ISS Announces "Proventia" Products

Internet Security Systems launched a new product line this week, called the Proventia "all-in-one protection product." From the press release : "Today Proventia unifies firewall, virtual private network (VPN), anti-virus, intrusion detection and prevention into one engine, under one management system, to protect at the network and the gateway. In the future, Proventia will add application protection, content filtering and anti-spam functionality to the unified engine to extend protection across servers, desktops and laptops. Proventia’s simplified protection for every layer of business infrastructure eliminates the complexity associated with today’s legacy security products and greatly reduces the total cost of ownership for security – making protection affordable for enterprises." ISS offers three Proventia products: Proventia A , an IDS appliance Proventia G , an IPS appliance Proventia M , a "multi-function" appliance I looked at the produce demo si

Review of Intrusion Detection Posted

Image just posted my five star review of Intrusion Detection . I read this book as background for my forthcoming The Tao of Network Security Monitoring and was pleasantly surprised. This isn't a book for practioners looking to operate intrusion detection systems or interpret event data from systems. However, the book provides a nice historical backdrop on the problems that have existed for decades in computer security. From the review: "Three years ago, as a captain in the Air Force CERT, I didn't think I had time to read books on theory and definitions like Rebecca Bace's Intrusion Detection . If a book didn't show packet captures, I didn't need it! Fast forward to 2003, as I research intrusion detection history and re-discover Bace's contribution to the field. Now, I consider her book so important that I consider most of it mandatory preparation for my own book. If you've got the time for 'high level' monitoring concerns, check out

Microsoft Windows Security Guides

Clients often ask for resources on Windows security, like checklists or guides. The NSA guides are frequently cited, and apply to routers , SQL Server 2000 and Oracle 91 Database Server . The Center for Internet Security offers many free benchmark documents. After seeing this article I went to the source at I found these resources: NT 4 Server Security Resources Maintain Security with Windows 2000 Maintain Security with Windows Server 2003 I'm trying to find a newsgroup which posts customer experiences installing new hotfixes and service packs. is one option, but I'm still looking.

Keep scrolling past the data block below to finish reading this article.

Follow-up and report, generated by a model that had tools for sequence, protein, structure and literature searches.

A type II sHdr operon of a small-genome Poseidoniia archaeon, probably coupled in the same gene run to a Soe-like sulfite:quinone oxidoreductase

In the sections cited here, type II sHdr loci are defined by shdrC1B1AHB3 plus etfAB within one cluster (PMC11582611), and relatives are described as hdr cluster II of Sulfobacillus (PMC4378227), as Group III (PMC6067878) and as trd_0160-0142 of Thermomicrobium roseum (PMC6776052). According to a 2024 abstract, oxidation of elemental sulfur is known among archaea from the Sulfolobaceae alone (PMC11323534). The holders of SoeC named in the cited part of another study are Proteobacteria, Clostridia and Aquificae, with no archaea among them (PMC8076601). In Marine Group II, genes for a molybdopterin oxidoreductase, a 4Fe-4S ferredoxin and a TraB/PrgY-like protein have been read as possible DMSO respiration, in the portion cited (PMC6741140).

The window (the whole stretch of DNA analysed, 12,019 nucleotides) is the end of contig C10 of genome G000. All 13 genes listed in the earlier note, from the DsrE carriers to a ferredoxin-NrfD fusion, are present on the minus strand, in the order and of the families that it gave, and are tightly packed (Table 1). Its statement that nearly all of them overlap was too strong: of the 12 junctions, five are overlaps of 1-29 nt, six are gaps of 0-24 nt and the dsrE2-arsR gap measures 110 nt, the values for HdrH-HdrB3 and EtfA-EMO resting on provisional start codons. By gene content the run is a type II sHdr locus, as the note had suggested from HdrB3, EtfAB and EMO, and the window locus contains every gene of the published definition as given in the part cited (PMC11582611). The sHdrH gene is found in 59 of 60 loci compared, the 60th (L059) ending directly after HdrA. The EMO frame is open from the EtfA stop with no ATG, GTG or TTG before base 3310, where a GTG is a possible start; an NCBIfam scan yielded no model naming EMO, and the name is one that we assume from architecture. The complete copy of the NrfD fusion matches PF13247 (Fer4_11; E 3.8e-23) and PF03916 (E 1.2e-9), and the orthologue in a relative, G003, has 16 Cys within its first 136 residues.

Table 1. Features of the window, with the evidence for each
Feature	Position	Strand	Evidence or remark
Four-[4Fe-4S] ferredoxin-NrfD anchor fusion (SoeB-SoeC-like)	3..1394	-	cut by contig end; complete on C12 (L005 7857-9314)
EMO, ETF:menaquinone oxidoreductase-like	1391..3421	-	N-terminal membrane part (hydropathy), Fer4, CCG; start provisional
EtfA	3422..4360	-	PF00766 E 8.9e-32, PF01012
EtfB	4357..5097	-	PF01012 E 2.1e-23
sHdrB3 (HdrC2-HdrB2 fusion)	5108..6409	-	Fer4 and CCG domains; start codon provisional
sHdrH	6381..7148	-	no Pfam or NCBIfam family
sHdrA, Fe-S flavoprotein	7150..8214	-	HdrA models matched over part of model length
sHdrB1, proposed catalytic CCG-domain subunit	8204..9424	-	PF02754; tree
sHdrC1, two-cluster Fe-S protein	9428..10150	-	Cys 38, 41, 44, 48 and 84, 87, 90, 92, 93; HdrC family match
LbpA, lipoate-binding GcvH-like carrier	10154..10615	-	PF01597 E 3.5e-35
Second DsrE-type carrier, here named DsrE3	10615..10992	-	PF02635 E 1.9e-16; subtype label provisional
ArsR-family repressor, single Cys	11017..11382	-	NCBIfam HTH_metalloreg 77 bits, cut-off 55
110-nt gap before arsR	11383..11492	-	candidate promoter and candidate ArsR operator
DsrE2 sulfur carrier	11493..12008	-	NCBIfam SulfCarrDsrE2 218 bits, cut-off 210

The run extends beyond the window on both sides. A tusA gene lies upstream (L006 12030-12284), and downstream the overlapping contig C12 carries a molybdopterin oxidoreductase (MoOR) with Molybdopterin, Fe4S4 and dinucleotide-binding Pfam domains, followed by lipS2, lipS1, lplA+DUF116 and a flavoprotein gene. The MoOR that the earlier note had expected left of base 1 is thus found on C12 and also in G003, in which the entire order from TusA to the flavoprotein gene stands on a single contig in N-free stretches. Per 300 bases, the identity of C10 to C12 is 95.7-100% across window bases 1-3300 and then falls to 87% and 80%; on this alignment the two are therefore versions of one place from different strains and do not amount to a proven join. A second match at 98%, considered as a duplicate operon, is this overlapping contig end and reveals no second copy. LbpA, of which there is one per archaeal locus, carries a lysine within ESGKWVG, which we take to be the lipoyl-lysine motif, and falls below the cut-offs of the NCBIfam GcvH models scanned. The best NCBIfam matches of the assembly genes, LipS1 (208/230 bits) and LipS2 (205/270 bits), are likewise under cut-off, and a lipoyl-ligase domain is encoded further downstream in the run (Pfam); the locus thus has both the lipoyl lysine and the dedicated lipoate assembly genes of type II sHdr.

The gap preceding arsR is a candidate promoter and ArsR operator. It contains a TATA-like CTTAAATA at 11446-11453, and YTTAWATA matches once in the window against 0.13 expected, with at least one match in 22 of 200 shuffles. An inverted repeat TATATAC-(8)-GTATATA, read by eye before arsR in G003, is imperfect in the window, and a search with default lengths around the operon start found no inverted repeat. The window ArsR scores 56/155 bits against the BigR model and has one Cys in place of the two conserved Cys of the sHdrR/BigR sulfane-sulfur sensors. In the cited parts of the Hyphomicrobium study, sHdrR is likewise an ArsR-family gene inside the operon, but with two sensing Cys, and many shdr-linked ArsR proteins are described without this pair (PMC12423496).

Review of Incident Response, 2nd Ed Posted

Image just posted my five star review of Incident Response and Computer Forensics, 2nd Ed . From the review: "IRCF2E is one of the few books in print where the word 'forensics' deserves to be on the cover. Many prominent 'forensics' titles deliver nothing useful to practitioners. As was the case with the first edition, investigators can use IRCF2E in operational environments to do real work. This book lays much of the groundwork for doing cases. Watch for Real Digital Forensics to be published next year, which walks readers through case-based evidence to teach how to collect, interpret, and analyze host- and network-based evidence."

Marcus Ranum Rants Online and Offline

Marcus Ranum is one of the smartest security guys around. A few weeks ago he redesigned his web site in preparation for publication of his new book The Myth of Homeland Security . I hope to get a review copy. Marcus' comment in the latest edition of SANS Newsbites alerted me to his criticism of the so-called "computing monoculture" problem. He points out that the Computer & Communications Industry Association , which funded the "Cyber Insecurity" report ( .pdf ) that got Dan Geer fired, consists of "Sun Microsystems, Fujitsu, Nokia, Nortel Networks, Tantivy, Time Domain, Vion, AT&T, Verizon, NTT USA, Oracle, Intuit, Yahoo!, Sabre, and AOL." His insights are useful: "Computers, unlike biological organisms, can rapidly share immunity without having to actually be exposed to the pathogen in question. This is absolutely crucial to understand - it's quite possible that my machine may fix itself automatically so that a worm doesn&#

Yen-Ming Chen's Blog

My friend Yen-Ming Chen sent me a link to his blog the other day. He's also a security consultant with Foundstone, and he updates his blog regularly.

Osiris File Integrity Checker

Has anyone tried Osiris , an open source file integrity management system for Windows and UNIX? I like the fact that it runs on Windows and there's a ports tree entry for FreeBSD. At some point I'll try it.

Paper on Windows Memory Forensics

Fellow co-author of Real Digital Forensics Curtis Rose wrote a whitepaper titled Windows Live Incident Response Volatile Data Collection: Non-Disruptive User & System Memory Forensic Acquisition . Curtis used these techniques when we performed analysis for our book, so check out his paper for a preview.

NIST Releases New Security Guidelines

FCW reports NIST has released five new security publications: SP 800-35, Guide to Information Technology Security Services SP 800-36, Guide to Selecting Information Security Products SP 800-42, Guideline on Network Security Testing SP 800-50, Building an Information Technology Security Awareness and Training Program SP 800-64, Security Considerations in the Information System Development Life Cycle Of these the first two are probably of most interest to security vendors. Customers frequently have no idea what to buy or how to make decisions, so they turn to guides like these.

Gartner Warning Makes Sense